Familial hypocalciuric hypercalcemia (FHH) is generally characterized by lifelong hypercalcemia without hypercalciuria and is inherited in an autosomal dominant manner. Affected individuals show abnormal parathyroid and renal responses to changes in the extracellular calcium concentration. A Japanese FHH family was screened for mutations in the Ca{sup 2+} -sensing receptor gene by the polymerase chain reaction and single strand conformation polymorphism. The proband with hypercalcemia showed an abnormal pattern in exon 1 of the gene, whereas her two sisters with normocalcemia showed a normal pattern. The consanguineous parents with borderline serum calcium concentrations showed both patterns. Nucleotide sequence analysis identified a G{yields}C point mutation at nucleotide 118 that resulted in the conversion of the normal codon for proline into a codon for alanine at amino acid 40 (numbered according to the bovine complementary DNA). The proband was homozygous for the mutation, and the parents were heterozygous. These results imply that this mutation in the human Ca{sup 2+}-sensing receptor gene causes FHH and that the dosage of the gene defect determines disease phenotype. 33 refs., 4 figs., 1 tab.

  5. Increased Accuracy of Ligand Sensing by Receptor Internalization and Lateral Receptor Diffusion (United States)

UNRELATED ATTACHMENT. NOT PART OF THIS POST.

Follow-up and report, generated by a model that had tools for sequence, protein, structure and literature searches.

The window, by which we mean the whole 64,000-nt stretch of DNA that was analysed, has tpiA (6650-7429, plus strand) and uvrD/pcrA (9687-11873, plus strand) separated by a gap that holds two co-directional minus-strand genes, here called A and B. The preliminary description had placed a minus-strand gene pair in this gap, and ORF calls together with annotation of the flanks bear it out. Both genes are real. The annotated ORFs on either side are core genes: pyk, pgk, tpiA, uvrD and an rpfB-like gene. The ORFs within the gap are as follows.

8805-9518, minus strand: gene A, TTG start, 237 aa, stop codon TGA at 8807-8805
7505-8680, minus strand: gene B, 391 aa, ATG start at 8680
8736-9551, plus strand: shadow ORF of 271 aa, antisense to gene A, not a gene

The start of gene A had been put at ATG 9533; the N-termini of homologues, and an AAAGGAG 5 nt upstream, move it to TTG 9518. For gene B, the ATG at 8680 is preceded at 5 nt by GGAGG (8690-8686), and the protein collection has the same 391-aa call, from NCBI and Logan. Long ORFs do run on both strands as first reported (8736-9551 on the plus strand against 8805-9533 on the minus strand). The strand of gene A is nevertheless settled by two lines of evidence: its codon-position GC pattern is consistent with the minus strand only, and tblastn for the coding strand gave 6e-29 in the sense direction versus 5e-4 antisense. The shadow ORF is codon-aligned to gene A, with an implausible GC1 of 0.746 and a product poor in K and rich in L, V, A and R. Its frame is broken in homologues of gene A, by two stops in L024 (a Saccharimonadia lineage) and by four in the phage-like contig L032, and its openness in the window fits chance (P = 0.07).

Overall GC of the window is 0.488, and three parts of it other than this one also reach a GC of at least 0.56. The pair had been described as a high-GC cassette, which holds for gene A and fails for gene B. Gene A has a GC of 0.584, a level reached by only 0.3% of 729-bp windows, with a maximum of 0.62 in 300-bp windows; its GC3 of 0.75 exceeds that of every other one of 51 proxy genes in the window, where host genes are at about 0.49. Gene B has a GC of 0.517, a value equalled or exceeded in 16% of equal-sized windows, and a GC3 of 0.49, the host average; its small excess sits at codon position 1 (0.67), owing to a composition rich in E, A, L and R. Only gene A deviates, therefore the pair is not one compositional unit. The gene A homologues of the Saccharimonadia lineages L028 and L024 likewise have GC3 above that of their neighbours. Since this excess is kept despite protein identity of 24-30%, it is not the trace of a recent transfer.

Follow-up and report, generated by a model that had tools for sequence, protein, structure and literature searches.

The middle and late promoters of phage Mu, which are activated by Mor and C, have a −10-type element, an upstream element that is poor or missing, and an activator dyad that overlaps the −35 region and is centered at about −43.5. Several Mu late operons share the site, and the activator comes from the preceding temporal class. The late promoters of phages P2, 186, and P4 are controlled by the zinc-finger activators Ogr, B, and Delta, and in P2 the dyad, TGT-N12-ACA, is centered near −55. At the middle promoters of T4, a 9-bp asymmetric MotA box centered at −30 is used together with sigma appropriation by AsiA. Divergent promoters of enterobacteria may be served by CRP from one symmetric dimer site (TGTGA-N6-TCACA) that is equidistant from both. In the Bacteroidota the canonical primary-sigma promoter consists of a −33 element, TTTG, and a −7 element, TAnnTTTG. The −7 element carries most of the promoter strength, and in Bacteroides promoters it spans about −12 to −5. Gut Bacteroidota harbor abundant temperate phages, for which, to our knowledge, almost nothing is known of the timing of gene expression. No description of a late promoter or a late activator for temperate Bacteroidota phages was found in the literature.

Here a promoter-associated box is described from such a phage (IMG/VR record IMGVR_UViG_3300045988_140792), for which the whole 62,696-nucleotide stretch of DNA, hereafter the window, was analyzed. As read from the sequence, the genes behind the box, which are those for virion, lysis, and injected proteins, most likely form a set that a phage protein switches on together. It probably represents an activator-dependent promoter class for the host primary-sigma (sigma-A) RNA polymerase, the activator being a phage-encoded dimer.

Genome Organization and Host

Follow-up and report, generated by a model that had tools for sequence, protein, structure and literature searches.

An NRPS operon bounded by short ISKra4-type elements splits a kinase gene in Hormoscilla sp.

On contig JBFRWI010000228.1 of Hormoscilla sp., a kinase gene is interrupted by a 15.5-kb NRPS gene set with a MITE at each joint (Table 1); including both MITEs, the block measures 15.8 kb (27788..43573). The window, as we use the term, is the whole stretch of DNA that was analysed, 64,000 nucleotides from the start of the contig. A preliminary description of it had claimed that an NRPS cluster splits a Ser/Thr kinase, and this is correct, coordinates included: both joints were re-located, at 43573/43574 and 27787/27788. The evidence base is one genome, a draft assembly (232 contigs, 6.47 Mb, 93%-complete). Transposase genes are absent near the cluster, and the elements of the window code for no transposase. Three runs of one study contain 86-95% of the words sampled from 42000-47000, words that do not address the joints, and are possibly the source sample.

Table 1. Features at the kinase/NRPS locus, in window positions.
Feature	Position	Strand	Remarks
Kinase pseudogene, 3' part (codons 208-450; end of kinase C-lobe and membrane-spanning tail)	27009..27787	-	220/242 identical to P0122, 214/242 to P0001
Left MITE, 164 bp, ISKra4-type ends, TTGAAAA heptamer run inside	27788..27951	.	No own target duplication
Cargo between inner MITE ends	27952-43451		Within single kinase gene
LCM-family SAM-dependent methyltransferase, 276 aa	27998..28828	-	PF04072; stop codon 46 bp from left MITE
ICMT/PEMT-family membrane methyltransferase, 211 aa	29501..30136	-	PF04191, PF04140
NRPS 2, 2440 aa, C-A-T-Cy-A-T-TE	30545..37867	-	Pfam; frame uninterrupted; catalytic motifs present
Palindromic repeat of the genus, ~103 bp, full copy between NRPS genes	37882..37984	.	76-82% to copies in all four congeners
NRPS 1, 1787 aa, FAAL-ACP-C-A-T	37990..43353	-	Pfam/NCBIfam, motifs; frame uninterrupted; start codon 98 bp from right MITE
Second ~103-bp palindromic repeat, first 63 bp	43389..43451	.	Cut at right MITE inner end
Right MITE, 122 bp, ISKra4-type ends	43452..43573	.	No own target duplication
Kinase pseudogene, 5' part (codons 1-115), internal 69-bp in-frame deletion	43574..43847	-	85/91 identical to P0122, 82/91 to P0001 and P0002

Aquino, Gerardo; Endres, Robert


    Many types of cells can sense external ligand concentrations with cell-surface receptors at extremely high accuracy. Interestingly, ligand-bound receptors are often internalized, a process also known as receptor-mediated endocytosis. While internalization is involved in a vast number of important functions for the life of a cell, it was recently also suggested to increase the accuracy of sensing ligand as overcounting of the same ligand molecules is reduced. A similar role may be played by receptor diffusion om the cell membrane. Fast, lateral receptor diffusion is known to be relevant in neurotransmission initiated by release of neurotransmitter glutamate in the synaptic cleft between neurons. By binding ligand and removal by diffusion from the region of release of the neurotransmitter, diffusing receptors can be reasonably expected to reduce the local overcounting of the same ligand molecules in the region of signaling. By extending simple ligand-receptor models to out-of-equilibrium thermodynamics, we show that both receptor internalization and lateral diffusion increase the accuracy with which cells can measure ligand concentrations in the external environment. We confirm this with our model and give quantitative predictions for experimental parameters values. We give quantitative predictions, which compare favorably to experimental data of real receptors.